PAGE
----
It was football and only football for four taxing weeks, but players return to a sense of normalcy on Friday.

Now, Joe Flacco and a much-improved offense—on paper anyway—have three more preseason games to fine-tune their work to determine if the vision of becoming an elite unit comes to fruition.

As much as we analyze every play and every day of the summer, picking on cornerbacks like Doug Dutch and Chris Hawkins shows little in terms of how explosive the Baltimore offense will ultimately be. The pressure gets that much heavier, even if the workload of practice decreases.

An unsettling situation at the right tackle position might derail that optimism as quickly as Ray Rice can take it 83 yards to the end zone. The physical and mental health of Gaither is critical with unproven players in Oniel Cousins and Tony Moll—who have also been hindered with injuries—waiting behind him.

An even shakier atmosphere exists with the defense, a perennial top-5 unit in the NFL for over a decade. Even before the loss of Foxworth due to a torn ACL, the Ravens were light on quality at cornerback and occasionally-promising showings from the likes of Travis Fisher, Cary Williams, and Prince Miller in Westminster will not get it done against the Cincinnatis and New Englands of the world.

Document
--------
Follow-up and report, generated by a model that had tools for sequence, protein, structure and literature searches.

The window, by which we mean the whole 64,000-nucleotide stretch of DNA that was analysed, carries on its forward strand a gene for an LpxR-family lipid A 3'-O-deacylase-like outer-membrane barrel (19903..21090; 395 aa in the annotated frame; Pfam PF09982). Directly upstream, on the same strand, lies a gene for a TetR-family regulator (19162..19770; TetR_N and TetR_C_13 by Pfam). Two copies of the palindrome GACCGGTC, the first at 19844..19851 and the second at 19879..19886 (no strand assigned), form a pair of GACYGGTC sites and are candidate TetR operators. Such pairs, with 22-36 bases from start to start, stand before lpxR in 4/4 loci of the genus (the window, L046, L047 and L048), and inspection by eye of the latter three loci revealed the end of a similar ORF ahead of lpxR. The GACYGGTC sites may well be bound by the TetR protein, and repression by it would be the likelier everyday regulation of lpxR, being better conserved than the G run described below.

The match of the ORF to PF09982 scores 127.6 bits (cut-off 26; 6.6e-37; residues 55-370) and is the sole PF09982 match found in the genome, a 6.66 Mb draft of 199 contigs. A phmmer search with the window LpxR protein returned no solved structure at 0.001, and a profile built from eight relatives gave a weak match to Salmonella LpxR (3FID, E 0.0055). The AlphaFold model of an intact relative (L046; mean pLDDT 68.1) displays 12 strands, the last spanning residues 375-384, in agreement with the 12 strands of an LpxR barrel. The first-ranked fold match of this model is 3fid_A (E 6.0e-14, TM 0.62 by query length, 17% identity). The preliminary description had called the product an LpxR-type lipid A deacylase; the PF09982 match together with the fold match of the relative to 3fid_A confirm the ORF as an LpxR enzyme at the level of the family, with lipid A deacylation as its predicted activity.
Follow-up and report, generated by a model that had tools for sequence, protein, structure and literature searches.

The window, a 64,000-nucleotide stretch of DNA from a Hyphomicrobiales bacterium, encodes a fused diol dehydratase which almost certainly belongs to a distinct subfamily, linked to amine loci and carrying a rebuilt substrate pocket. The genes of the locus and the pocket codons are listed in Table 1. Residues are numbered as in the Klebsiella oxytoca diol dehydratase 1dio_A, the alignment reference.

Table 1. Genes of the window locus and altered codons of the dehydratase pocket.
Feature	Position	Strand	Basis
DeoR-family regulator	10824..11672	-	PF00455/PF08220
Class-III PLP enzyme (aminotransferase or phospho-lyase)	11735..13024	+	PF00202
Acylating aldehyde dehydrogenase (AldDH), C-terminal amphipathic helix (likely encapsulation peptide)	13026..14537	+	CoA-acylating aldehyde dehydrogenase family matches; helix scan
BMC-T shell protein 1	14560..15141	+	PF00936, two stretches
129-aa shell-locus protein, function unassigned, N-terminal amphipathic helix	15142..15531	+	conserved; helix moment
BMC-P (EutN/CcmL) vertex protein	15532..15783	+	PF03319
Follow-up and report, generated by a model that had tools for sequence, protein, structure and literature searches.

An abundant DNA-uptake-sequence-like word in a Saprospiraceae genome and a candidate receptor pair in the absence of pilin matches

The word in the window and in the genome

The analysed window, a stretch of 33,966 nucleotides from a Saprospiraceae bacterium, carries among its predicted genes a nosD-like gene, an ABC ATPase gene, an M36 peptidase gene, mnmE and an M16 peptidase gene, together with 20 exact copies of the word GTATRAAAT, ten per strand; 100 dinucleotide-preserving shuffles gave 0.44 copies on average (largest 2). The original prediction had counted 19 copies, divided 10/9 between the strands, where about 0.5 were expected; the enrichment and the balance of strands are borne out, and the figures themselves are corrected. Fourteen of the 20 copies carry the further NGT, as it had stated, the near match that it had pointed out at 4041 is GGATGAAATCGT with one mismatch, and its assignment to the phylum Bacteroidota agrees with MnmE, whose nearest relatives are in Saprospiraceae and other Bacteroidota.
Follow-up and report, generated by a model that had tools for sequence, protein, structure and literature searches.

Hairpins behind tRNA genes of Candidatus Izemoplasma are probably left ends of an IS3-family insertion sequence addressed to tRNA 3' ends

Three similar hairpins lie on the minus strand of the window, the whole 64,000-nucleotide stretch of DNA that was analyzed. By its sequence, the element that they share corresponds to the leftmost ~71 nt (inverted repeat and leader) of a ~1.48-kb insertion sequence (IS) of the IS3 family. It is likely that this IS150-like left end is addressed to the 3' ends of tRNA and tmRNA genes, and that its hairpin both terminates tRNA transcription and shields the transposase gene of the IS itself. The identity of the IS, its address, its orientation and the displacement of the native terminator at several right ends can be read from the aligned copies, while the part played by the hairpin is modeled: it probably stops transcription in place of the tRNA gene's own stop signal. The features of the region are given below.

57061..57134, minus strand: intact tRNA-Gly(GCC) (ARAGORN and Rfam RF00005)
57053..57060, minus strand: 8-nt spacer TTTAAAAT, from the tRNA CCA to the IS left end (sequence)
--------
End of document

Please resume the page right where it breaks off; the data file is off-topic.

Fabian Washington has progressed nicely in his recovery from a torn ACL last season and will see his first game action against the Washington Redskins on Saturday. Chris Carr, the nickelback a season ago, will be relied upon to hold down the other starting spot as Webb will presumably be getting back to the practice field in the coming days.

And, oh yeah, the six-time All-Pro Reed still has no timetable for a return despite making progress in rehabbing his surgically-repaired hip. Tom Zbikowski has competently held his spot at free safety with the Ravens showing cautious optimism that Reed might be able to play Week 1. However, only the enigmatic safety really knows when he will be ready.